This might be important for you if you own a Mac laptop, because recent MacBook Pros and MacBook Air laptops allow you to rotate your document canvas with a gesture on the trackpad. But if you happen to make that gesture inadvertently, you will find your document canvas rotating accidentally and that can be really annoying and interrupt your workflow. Adobe did release a plug-in for CS4 that would allow you to disable the trackpad gesture behavior, but that involved installing a plug-in. So now in CS5, it's easier to disable gesture support on a Mac by just coming in to this Preference and unchecking the box.
In the File Handling section of Preferences, there is a new option here to Save As to Original Folder, so that when you go to the Save As dialog box the default will be to save your file to the same place as the original file. And if that's not your style you can disable this option. For several versions now when you go to save an image, you will see a warning asking whether you want to Maximize PSD and PSB File Compatibility. Well, most people don't even know what that means and it is something that you generally do want to do in order to make your images compatible with future versions of Photoshop and with certain other programs.
So, a very small tweak in Photoshop CS5 can save you from having to look at that warning every time that you save the file and that is that in that alert box, there is a check box labeled Don't show this message again. And you can check that and not have to deal with this issue anymore. Here in the cursors area of Preferences there is a new option that you can select to show only the crosshair when you're painting. This is for those of you who are painters and don't want your image to be obscured at all the by the brush tip. So, if you select this, you only see a small Crosshair where the brush tip would normally be.
I am going to go back to this image to show you another small new feature that I think is very useful and I will close the Animation panel and that is that in Photoshop CS5 you can change both the hardness and the size of your brush and get a visual display of both using the same keyboard shortcut. This works with any of the Brush-type tools, which are here in the toolbar. I'm going to use the Burn tool. Let's say that I want to come into the image and burn in or make darker this area of the border. I will click and that shows me a rough outline of the diameter of this brush, but it doesn't really show me the exact brush size and it shows me very little about the softness of the brush.
Now, I am going to hold down a keyboard shortcut. Ctrl+Option on the Mac. That's Alt+Right-click on the PC. And I'll hold down my mouse and now I can see this red area in the center of the rough outline, which indicates the actual size and softness of this brush. Well that's not new, but what is new is that with this keyboard shortcut held down, I can change both the size and the hardness of his brush. Moving to the right will make the brush tip bigger; moving to the left will make it smaller.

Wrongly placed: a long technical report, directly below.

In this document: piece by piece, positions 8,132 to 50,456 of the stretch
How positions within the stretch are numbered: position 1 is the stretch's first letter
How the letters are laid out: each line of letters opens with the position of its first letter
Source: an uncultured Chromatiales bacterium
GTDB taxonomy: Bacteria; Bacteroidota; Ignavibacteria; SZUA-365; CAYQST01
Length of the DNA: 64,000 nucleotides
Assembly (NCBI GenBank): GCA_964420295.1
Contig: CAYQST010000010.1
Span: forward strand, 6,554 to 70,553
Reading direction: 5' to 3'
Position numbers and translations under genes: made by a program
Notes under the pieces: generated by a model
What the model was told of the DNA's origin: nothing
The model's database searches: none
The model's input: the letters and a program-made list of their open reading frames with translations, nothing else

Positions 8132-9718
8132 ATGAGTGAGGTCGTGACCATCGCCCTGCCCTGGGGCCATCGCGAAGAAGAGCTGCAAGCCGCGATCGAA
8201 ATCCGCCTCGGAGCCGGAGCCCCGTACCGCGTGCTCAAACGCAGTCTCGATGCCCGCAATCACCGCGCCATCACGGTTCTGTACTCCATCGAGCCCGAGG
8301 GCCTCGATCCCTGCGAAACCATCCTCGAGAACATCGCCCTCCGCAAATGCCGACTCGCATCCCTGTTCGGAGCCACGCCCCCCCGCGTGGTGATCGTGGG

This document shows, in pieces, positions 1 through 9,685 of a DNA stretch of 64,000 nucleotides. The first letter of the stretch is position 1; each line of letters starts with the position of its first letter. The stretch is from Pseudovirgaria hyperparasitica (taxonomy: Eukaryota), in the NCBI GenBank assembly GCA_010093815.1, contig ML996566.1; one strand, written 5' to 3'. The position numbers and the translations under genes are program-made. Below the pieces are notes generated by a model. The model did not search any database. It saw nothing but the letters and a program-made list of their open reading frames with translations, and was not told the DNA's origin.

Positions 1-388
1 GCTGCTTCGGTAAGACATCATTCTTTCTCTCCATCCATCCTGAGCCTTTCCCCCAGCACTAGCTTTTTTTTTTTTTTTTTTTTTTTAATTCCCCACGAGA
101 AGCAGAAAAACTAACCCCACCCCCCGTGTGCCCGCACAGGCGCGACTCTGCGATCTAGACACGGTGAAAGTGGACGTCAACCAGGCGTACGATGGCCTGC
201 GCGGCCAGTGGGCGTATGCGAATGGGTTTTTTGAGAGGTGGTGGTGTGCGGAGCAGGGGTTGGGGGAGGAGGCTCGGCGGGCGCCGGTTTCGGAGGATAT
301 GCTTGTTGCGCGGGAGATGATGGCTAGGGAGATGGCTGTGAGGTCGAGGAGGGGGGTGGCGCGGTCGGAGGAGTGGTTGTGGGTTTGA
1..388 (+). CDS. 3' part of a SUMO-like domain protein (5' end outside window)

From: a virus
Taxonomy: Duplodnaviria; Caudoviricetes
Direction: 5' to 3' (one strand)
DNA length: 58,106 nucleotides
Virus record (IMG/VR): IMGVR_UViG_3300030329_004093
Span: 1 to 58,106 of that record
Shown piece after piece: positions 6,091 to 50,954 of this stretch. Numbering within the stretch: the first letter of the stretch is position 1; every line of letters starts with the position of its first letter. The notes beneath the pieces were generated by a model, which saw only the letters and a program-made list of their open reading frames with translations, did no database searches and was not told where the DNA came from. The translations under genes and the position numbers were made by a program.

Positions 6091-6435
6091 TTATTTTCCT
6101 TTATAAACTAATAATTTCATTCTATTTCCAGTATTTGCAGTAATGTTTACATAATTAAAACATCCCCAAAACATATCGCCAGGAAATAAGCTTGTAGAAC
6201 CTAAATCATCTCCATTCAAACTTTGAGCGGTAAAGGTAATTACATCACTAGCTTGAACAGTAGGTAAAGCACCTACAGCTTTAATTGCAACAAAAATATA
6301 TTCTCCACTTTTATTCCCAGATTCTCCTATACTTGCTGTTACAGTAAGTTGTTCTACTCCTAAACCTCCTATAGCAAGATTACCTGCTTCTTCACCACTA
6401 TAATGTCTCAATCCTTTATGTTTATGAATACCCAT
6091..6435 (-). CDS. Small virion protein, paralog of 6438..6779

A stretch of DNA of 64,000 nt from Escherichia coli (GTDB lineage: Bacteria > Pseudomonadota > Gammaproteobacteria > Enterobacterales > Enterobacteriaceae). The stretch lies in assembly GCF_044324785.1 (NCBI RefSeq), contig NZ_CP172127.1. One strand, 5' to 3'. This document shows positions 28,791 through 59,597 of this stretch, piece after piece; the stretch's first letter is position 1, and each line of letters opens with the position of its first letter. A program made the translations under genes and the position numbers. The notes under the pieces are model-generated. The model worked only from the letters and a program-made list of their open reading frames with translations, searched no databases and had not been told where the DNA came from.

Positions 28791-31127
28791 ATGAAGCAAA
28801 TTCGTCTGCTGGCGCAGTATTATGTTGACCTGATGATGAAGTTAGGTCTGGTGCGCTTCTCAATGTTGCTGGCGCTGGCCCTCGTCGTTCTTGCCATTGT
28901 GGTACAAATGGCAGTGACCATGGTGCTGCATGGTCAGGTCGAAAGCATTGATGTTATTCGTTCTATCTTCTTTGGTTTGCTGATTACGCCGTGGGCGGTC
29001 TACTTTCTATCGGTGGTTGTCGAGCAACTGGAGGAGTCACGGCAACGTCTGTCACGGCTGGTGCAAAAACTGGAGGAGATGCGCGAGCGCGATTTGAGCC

And that's moving horizontally right to left. Now, if I move vertically down I'm changing the softness of the brush, still holding down the same keyboard shortcut, Ctrl+Option on the Mac or Alt+Right-click on the PC. And if I move vertically up, I make the brush softer. So, what I really like is I only have one keyboard shortcut to remember and I can get all this done on the fly where it makes the most sense. I've one last small feature to show you. I am going to close the images to show you this.
And this is about another keyboard shortcut. For quite a while in Photoshop on a Mac, the shortcut Command+H has been used to temporarily hide extras, things like the marching ants selection boundary or a highlight on selected text, and it's one of the more handy shortcuts. Now, in Photoshop CS5 there is another possible application of that shortcut and that is to hide Photoshop altogether. And you get to decide which of those two uses you are going to put this shortcut to. So, the first time that you use Command+H on a Mac you will see this warning, asking if you'd like to use Command+H to hide Photoshop or to hide show selections guides etc.
I'd like to go the traditional route, so I am going to choose Hide Extras. If in the future I change my mind, I can go into Edit > keyboard shortcuts and reassign that keyboard shortcut. But I will never again see that alert, unless I reset my Photoshop Preferences by holding down Command+Option+Shift as I start up the program. So that's a look at some miscellaneous productivity enhancements in Photoshop CS5.